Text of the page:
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An expert-eye view on seabirds and windfarms

What effects do wind farms have on the numerous seabirds which feed and fly around them? And which species are vulnerable to what? Members of one expert group meeting this week have made it their mission to find out.
Published: 13 November 2015

​​​​​The transboundary migratory routes of seabirds – taking them over open oceans and between national sea areas – makes weighing up their populations and the various threats posed to them by human activities a distinct test for management and conservation. One such challenge comes about then seabirds cross paths with wind turbines situated offshore.

Understanding the interplay between these dynamic birds and static energy structures and how the latter affect the former is being explored this week by the Joint ICES/OSPAR/HELCOM Working Group on Seabirds (JWGBIRD). The group is focusing​ its attentions on assessing the collision mortality of those birds which fly into the turbines and to what extent they are displaced by wind farm development. 

A case of space 

The topic was outlined and the groundwork laid in a presentation by Bob Furness, seabird expert at UK environmental consultancy MacArthur Green, and Sue O’Brien, senior marine ornithologist at the UK Joint Nature Conservation Committee

“This area of work is recognizing the concern about seabirds being impacted by offshore windfarms and the very rapid development of the offshore windfarm industry,” Furness explained. “A lot of these birds migrate and pass through many different parts of Europe and so they might be meeting windfarms during migrations. A question is how you assess the impacts on that sort of spatial scale.”

To put this scale into perspective, Furness offered the example of the red-throated diver, a species sensitive to structures like turbines as well as boats, which they therefore tend to avoid.

“A lot of the red-throated divers that winter in the southern North Sea come from breeding areas in Russia; they then seem to go to the German coast in the spring to fatten up before they go back to the breeding areas. They might come across windfarms off the English coast, and in the German and Dutch North Sea, and they might meet more of them when they migrate through the Baltic.” 

Collision course?

Numbers of birds killed through collision or displaced from their habitats are the two most crucial impact parameters being looked at by JWGBIRD, said Furness 

“There are issues in assessing collision mortality and displacement numbers. With collision mortality, it depends on the height at which the birds fly, which seems to vary depending on conditions. Gannets fly high over the water when they’re searching for food but very low over it when they’re commuting from A to B.”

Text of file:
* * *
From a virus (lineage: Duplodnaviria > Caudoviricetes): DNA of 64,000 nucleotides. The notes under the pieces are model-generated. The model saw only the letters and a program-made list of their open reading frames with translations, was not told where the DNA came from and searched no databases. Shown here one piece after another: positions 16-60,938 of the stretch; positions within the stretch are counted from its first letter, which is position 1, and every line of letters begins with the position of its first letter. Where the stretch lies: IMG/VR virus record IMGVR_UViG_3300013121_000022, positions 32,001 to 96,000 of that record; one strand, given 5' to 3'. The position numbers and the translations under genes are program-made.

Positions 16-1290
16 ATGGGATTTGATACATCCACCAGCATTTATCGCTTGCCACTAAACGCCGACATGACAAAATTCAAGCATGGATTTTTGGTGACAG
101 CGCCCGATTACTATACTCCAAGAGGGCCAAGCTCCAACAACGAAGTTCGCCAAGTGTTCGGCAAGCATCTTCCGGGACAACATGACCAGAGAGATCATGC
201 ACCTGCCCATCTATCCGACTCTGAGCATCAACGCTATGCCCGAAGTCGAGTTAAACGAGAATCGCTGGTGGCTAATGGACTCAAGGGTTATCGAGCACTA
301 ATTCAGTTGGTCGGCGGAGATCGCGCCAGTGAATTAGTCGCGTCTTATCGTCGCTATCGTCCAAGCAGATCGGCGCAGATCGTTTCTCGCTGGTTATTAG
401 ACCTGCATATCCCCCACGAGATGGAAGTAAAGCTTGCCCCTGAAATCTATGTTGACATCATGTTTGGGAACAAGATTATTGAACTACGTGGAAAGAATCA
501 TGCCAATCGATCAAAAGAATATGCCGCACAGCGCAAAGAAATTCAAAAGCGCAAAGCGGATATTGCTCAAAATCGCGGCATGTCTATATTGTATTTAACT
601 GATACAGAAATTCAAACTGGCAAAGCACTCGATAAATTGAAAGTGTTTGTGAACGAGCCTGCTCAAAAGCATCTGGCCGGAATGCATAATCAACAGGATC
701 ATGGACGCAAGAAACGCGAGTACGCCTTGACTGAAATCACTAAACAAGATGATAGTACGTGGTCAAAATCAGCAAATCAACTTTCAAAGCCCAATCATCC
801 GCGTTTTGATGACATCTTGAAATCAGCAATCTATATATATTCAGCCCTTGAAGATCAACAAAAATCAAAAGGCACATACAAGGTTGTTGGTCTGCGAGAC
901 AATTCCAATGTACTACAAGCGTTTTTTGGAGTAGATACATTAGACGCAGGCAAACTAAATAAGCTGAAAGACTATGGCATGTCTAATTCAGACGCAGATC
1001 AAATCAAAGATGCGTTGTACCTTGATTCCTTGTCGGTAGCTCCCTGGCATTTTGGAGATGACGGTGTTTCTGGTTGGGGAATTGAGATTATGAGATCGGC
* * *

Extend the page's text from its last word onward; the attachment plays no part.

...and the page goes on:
“The species more likely to collide fly high over the sea – gannets, large gulls and kittiwakes. A lot of others like auks, sea ducks and divers fly very low, so there are unlikely to be collision concerns. This is because the blades are up high. One mitigation measure is to potentially raise the height of the blades to where fewer birds are flying.” 

“Those likely to be affected by displacement are those which show strong avoidance to the turbines. Red-throated divers are particularly prone as are to some extent guillemots, razorbills, puffins and some sea ducks. It’s a different suite of species to the ones most likely to collide.”

Barriers to negotiate

Wind farms could also harm seabird populations through the ‘barrier effect’, where birds confronted with a row of turbines between feeding and breeding areas expend valuable time and energy circumventing them. Furthermore, there could be a loss of foraging habitat as many windfarms are built on shallow-water sandbanks, where some duck species feed on bivalves. 

There are potential positive consequences though. Cormorants – which have wettable plumage – are able to stand on turbine platforms to dry off their feathers rather than come back to shore, meaning they can also hunt prey further out at sea. Fish are also colonizing waters around turbine bases, where rocks have been laid to help with scour protection. This could lead to increased fish stocks and more food for seabirds. 

Putting heads together

The wide-ranging nature of seabirds calls for an integrated, international approach – one reason why this year’s JWGBIRD meeting has a stronger representation from the Baltic countries. 

“We’re starting to put all the information together,” continued Furness. “But it really needs to be done at an international level, that’s why ICES is a really good forum to discuss the issues and agree the best way forward. We’re trying to address how to bring together all the countries to coordinate the approach to assessment and consider the key gaps in our understanding. ”

“Almost all the focus of windfarm concern has been on the North Sea up to now, but it’s clear there are likely to be developments in the Baltic in the future. There are different species in the Baltic, but the same general issues. ”

A fresh format

The meeting saw Regional Seas Convention HELCOM​ and with it new co-chair Volker Dierschke were welcomed into the fold, joining other chairs Ian Mitchell (OSPAR​​) and Morten Frederiksen (ICES).

Studying wind farm impacts on seabirds was one of the group’s many Terms of Reference. Other topics included key work on OSPAR and HELCOM MSFD indicators, assessing the effects on seabirds of the new Common Fisheries Policy Landings Obligations, impacts of non-native mammal predators at seabird colonies, and complex interactions with fisheries.

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An expert-eye view on seabirds and windfarms

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